UNI professor organizes photo display

ANNA FLANDERS, Staff Writer

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“Barefoot and gingham dress on the front porch—it doesn’t get more classic than that,” said Philip Hopper, UNI Assistant Professor of Communication Studies, while admiring a black and white image of a young American girl from the Depression era (pictured right).

The young girl is one of the sixteen photographs that Hopper selected for the Rod Library display case. The images will be there May 2 through June 1.

These photos were taken between the mid-1930s and mid-1940s as part of the Farm Security Administration’s (FSA) efforts to fight against rural poverty during the Great Depression. Each photo features people and places affected by that poverty.

Today, the negatives from these black and white photos—over 175,000 in all—form the Farm Security Administration/Office of War Information Collection that resides in a Library of Congress archive. Students of UNI Professor of Communication Studies Bettina Fabos worked on digitizing some of these negatives as a class project. Originally, the photos were going to be put into Fortepan Iowa, a digital archive of photos that tell the stories of average, everyday Iowans in the nineteenth and twentieth centuries. Fabos is one of the founders of Fortepan Iowa.

Because of Hopper’s involvement with Fortepawn Iowa, he was asked to look through the FSA photos.

“Subsequently, Fortepan decided that because there were some professional photographers involved that they didn’t really want to use the photographs, but I’d already fallen in love with them,” Hopper said. “I think these photographs are great. They’re a real slice of Mid-twentieth century American rural life.”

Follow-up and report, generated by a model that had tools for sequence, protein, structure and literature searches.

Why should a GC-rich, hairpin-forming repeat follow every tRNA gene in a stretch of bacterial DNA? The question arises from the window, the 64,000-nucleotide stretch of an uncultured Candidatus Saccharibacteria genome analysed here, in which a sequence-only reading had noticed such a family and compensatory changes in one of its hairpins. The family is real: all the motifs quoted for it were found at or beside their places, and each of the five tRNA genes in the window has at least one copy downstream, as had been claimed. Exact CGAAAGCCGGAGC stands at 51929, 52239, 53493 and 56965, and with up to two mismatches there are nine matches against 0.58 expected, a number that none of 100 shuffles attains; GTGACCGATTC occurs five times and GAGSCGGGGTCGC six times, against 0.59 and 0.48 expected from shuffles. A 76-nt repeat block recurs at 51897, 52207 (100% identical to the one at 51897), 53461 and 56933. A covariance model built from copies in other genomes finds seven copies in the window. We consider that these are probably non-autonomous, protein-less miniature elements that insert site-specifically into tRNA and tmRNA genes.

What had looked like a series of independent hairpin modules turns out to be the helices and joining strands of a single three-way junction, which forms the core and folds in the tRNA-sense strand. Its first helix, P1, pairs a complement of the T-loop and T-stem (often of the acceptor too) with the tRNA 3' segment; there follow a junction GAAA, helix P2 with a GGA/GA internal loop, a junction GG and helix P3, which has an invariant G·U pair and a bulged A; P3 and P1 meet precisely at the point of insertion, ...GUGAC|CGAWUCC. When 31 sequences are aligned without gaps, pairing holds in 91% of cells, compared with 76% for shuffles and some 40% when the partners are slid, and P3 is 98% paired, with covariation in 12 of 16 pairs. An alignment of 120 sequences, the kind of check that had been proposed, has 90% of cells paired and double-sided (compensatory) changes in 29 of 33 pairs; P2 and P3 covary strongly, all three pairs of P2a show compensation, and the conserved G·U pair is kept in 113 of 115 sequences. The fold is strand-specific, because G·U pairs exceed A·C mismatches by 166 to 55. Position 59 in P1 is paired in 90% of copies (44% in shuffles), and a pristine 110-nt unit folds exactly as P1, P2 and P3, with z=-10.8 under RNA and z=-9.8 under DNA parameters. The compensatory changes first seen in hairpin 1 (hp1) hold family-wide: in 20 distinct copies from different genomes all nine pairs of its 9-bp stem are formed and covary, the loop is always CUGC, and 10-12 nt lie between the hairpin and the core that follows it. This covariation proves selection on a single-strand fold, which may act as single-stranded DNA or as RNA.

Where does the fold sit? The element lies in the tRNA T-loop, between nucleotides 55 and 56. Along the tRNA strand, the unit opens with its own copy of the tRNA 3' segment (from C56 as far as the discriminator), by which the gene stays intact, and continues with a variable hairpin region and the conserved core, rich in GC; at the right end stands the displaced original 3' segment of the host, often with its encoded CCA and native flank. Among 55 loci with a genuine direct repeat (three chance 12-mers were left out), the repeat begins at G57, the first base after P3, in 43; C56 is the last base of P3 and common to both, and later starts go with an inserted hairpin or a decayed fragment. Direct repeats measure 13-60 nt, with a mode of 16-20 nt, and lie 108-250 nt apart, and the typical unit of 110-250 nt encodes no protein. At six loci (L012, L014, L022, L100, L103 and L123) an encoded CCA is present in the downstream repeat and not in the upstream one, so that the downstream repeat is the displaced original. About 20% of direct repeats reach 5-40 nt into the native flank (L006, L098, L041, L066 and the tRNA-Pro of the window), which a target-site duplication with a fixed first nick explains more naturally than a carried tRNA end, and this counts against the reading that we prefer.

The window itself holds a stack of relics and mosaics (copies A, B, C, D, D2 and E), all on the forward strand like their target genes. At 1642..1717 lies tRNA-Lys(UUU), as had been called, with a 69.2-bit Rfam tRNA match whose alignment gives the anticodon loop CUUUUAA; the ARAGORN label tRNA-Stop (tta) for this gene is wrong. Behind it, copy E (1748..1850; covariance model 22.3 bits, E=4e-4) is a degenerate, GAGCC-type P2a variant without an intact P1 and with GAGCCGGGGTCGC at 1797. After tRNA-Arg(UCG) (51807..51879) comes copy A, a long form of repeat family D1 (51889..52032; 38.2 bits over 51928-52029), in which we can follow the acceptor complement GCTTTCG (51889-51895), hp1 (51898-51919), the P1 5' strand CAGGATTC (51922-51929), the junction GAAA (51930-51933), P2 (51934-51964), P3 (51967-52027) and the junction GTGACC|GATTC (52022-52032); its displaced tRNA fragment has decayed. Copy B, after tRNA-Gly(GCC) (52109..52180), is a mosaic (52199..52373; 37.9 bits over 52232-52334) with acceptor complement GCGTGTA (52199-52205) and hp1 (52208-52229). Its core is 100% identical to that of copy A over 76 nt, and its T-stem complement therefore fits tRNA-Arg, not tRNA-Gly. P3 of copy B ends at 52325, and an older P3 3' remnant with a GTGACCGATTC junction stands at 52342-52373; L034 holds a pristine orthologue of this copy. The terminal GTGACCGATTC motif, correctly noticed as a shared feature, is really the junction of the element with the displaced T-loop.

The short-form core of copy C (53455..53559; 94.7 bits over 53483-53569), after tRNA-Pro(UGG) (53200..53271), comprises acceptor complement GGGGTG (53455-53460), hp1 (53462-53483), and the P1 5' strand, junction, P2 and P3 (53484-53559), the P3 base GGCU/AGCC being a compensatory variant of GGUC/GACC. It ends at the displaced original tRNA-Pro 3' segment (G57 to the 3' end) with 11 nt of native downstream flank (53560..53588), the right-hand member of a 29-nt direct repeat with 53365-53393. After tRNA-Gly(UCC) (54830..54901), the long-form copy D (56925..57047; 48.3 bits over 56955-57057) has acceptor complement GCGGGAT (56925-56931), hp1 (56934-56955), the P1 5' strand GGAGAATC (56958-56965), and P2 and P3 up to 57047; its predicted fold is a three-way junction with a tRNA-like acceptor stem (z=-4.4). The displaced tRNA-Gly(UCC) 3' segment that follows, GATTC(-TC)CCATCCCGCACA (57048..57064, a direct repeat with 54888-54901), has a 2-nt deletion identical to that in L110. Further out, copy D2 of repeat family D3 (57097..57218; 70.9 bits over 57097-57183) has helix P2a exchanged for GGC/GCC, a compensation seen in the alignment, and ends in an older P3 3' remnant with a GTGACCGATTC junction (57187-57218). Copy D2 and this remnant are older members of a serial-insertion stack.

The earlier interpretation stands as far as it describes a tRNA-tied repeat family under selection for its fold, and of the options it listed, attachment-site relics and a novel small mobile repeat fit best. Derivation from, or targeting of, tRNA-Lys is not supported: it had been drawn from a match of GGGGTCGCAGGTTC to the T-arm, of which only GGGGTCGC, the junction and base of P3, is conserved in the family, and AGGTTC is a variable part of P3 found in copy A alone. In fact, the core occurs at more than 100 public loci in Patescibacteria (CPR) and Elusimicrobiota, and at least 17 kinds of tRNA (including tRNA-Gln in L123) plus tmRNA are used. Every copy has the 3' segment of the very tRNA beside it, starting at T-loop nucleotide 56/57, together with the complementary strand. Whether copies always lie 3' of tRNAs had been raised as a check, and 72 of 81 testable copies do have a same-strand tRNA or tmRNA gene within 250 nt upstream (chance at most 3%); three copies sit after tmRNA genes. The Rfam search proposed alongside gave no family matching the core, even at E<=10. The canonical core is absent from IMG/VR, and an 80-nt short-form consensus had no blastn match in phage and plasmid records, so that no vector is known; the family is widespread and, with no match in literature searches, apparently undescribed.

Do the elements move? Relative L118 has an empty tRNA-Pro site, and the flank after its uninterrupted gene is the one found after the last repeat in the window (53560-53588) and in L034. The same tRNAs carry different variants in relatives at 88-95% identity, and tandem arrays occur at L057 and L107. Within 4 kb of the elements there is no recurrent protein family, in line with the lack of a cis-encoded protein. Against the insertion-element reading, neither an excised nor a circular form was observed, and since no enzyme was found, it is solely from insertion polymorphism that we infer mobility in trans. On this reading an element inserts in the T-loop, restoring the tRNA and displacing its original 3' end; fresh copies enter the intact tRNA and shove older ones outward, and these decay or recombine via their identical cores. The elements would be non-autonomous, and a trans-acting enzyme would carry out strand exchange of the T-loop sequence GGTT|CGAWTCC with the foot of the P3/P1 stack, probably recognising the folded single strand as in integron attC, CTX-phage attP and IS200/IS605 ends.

After finding out that the library display case was available, Hopper volunteered the Department of Communication Studies. The Art Department printed the photos, and Rod Library Learning Commons Coordinator Gail Bunz and Library Assistant II Julie Ann Beddow also helped make the display a reality.

Although the FSA took photos from all over the Midwest, the collection prominently features Iowa. Many of the images were taken in a modest town on the Des Moines River, according to Hopper. There are also photos from the Iowa State Fair, including some from a horse show.

“The expression on this man’s face as he leads his prize horse by the judges is just, he knows he’s going to win,” Hopper said with excitement. “He’s got the prize stallion. He’s got it.”

Many of the photos in the overall FSA collection feature fields and building, but the ones Hopper finds the most compelling are those with people. The display will only feature images with human subjects.

“I think that we can learn a lot about history by looking at photos that aren’t of famous people and famous events,” Hopper said. “So these photos are about everyday lives, everyday people, and I kind of feel like that’s important.”

According to the display monograph, there is only one image in the FSA collection that features an African-American. Because of this, Hopper thought it was important to also include images that were taken post-World War II in the display, as they show more people of color.

As an award-winning photographer himself, Hopper admires the talent behind the photos.

“They’re taken during the era of black and white photography,” Hopper said. “What you see in these photographs from an aesthetic point of view is a sensitivity to tonal gradation, tonal variation. That’s how you tell a story with black and white, right? There has to be a range of tones and if these photos don’t have a range of tones, there’s a reason.”

Ultimately, Hopper hopes that when people look at the photos they recognize that although these photos come from a different time, the people and places in them should still be familiar. They are not so different from people and places today.

“I think the commonplace is as important as so-called important people and important places,” Hopper said. “I think the commonplace is something we really need to really think about and look at.”

For the complete collection of images, go to the Library of Congress’ website and search for “Farm Security Administration Iowa.”

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